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Intimacy after mc


Forum: Recurrent Miscarriage and Pregnancy Loss

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  #1  
August 23rd, 2006, 05:48 PM
beck12's Avatar Platinum Supermommy
Join Date: Jul 2005
Location: Michigan
Posts: 12,330
I thought I would share this as mrobinson (a great gal here at JM) shared it with me. It was an article in the paper. Some of the info listed is different than what we may have been directed by our Dr's or what we have read for statistics, but I thought overall it had good info & some here might find value in it.


Re-establishing intimacy after a miscarriage

Dr. Trina Read
Calgary Herald


Monday, August 07, 2006


It seems everyone has an opinion to share after you've had a miscarriage. In some ways, it is healing to know you are not alone and that people are trying to understand the pain you are going through.

As well, you can go on the Internet to find a plethora of much-needed miscarriage education.

You will learn miscarriages are more common than people think: 15 per cent of pregnancies end up spontaneously miscarrying. You will learn that with all the estrogen being circulated in the drinking water, meat, plastics and such, women's hormones have become imbalanced, creating a nation of barren women who don't know why.

You will also learn that if you are healthy and the miscarriage is "normal," after a gynecological checkup you can resume sexual relations within four to six weeks.

And so four to six weeks passes, and it is time to climb into bed with your partner to have sex. This is the moment things can go two ways: Your heartbreaking experience can bring you closer, or it can start to subtly whittle you two apart.

The key to becoming closer? Communication. Keeping the lines of communication open will strengthen the fragile intimacy that binds you together.

Miscarriage is fraught with so much emotion, there is an understandable propensity to ignore, deny and pretend it doesn't exist. It's the big white elephant of your relationship: omnipresent, but no one will discuss the fact it's there.

And it certainly doesn't help that men and women see the ordeal through a different set of eyes. The woman has had a front row seat from Day 1; while her partner has been sitting in the wings watching the drama of her morning sickness, excitement and extreme tiredness unfold. Hence, when the fetus is lost, neither appreciates the other's perspective.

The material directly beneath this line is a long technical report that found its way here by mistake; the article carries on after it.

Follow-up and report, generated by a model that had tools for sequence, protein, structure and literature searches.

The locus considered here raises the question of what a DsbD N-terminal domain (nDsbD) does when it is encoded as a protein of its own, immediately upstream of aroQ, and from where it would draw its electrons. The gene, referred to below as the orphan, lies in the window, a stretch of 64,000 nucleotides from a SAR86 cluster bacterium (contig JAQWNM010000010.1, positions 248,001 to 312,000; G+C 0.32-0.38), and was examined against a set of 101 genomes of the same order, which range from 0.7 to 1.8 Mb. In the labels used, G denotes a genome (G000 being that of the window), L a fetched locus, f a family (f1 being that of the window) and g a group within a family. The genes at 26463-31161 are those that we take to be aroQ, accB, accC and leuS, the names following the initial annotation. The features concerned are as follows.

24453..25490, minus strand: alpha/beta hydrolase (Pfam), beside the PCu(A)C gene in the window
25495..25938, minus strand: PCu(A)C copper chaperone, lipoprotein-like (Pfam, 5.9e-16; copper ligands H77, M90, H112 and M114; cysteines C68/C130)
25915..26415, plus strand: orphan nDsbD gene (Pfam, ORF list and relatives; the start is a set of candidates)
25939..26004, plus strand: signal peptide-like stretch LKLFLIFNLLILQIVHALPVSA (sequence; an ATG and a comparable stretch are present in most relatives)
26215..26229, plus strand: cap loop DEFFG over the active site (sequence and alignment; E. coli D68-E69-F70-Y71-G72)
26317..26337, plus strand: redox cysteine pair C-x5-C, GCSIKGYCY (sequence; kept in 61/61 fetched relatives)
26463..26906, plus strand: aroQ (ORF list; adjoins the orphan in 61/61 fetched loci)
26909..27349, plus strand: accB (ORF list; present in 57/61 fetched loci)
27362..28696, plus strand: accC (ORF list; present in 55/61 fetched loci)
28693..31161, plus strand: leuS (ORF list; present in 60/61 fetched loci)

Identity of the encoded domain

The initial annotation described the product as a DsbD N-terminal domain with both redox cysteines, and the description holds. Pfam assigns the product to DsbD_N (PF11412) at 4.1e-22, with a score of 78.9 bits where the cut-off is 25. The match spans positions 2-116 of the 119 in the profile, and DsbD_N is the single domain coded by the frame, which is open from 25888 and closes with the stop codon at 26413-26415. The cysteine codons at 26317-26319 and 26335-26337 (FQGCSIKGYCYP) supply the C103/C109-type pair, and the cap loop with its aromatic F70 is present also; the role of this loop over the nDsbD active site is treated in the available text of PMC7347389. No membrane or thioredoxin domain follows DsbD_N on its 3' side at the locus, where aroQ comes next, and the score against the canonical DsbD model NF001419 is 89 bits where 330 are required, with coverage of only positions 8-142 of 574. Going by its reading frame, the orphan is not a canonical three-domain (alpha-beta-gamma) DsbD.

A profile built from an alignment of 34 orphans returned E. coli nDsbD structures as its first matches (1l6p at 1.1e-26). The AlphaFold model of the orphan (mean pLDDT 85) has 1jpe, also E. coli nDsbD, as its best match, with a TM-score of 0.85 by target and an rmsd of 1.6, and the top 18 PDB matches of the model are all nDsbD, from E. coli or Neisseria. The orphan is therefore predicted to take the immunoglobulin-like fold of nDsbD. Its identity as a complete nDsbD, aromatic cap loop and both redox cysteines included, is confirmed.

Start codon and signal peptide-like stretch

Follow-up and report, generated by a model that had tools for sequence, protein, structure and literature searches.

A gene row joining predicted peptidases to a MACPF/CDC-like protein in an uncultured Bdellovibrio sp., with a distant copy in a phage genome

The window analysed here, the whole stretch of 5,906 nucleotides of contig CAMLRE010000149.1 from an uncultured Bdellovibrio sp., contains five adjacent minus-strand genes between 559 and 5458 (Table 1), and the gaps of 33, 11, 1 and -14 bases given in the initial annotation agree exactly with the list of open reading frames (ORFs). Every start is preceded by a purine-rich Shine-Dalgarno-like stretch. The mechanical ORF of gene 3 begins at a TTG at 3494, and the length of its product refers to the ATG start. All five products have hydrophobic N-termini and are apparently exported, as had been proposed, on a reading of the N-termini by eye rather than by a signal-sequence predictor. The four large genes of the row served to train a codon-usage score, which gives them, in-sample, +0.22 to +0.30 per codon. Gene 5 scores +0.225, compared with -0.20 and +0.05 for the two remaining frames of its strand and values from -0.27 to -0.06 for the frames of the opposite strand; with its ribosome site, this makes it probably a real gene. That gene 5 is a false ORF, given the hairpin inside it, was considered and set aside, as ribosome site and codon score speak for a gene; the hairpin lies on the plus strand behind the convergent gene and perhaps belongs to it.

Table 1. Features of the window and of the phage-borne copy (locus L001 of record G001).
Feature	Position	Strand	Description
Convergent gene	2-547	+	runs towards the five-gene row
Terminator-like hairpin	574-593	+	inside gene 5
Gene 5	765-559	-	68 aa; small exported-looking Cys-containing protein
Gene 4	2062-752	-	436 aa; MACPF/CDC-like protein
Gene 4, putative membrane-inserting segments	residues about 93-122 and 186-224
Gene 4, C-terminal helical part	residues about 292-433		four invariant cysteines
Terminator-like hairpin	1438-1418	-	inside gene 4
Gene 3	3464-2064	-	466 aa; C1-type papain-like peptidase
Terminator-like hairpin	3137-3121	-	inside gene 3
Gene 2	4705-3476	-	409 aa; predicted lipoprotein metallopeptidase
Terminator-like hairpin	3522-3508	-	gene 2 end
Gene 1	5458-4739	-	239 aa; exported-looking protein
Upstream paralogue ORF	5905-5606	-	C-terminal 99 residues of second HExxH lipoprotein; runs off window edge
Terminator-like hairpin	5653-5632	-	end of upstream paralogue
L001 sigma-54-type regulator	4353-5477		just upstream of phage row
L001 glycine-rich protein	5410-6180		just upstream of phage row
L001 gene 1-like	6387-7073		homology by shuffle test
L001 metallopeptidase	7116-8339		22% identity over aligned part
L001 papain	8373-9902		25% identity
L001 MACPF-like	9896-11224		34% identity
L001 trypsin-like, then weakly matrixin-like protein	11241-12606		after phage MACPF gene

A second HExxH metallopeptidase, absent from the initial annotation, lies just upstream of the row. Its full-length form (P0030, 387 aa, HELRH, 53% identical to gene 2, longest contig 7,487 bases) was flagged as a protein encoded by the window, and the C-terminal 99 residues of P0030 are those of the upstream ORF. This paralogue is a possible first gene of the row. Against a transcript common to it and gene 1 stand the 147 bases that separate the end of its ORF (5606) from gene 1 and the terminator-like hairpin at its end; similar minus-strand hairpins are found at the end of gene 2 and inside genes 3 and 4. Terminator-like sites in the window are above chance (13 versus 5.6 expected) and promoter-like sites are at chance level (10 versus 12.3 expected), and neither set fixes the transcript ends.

Kristen Swanson, a registered nurse and PhD, surveyed 185 couples who went through a miscarriage. She found first-time dads did not consider the baby "real" until they held it in their arms.

Swanson asked the women two open-ended questions one week, six weeks, one month and one year later:

1. How has your miscarriage affected your relationship with your partner?

2. How has your miscarriage affected your

sexual relationship?

Of the respondents, 23 per cent felt their relationship was back to normal one year after their miscarriage, and only six per cent said their sexual relationship was closer. More than one-third of respondents felt distant from their partner interpersonally and sexually and were actively avoiding pregnancy.

During this time, the more a woman feels distant from her partner, the more she may repress her anger, frustration, confusion and depression. Sex can become a minefield as each sexual encounter is a brutal reminder of her loss. Non-communication means spinning deeper into a negative emotional spiral, making the sex over time more difficult to have with her partner.

When I suggest to women they need to talk to their partner about how both are feeling, their feedback usually is, "Although he is trying to understand, he just doesn't get it. He thinks I'm being overly emotional. So I go to my girlfriends for support."

It's always healthy and a great idea to seek outside support. However, although it might be difficult to get him to open up emotionally, he will be even more alienated if ignored.

There's the rub. Even though both experienced this loss together, they are pushing each other away. There can be no intimacy with this dynamic.

Women's next question is, "How can I start a conversation?"

Honestly is always the best policy. If you feel abandoned and want help to pull through this difficult time, tell him.

Swanson encourages couples to start with, "Naming what they have lost," and then discussing how they feel about their loss. The partner who is listening needs to close their mouth, open their ears and appreciate what the other person has been going through.

Once you've climbed this hurdle, discuss if you want to have a ceremony to mark the loss -- to grieve it properly, to make it real and then put it to rest.

By communicating, grieving and then making motions to move forward, only then can your relationship not hang in post-miscarriage limbo. Now when you two climb into bed after four to six weeks, it's not going to be a wacky, awkward experience. Instead, let it be the glue that brings you even closer to your partner, easing you into pregnancy once again.

Trina Read is a motivational speaker and writer with a doctorate of human sexuality. E-mail comments and questions to drtrina@trina-read.com.
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  #2  
August 23rd, 2006, 06:50 PM
srs srs is offline
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Join Date: Jan 2006
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Interesting. Thanks for sharing.
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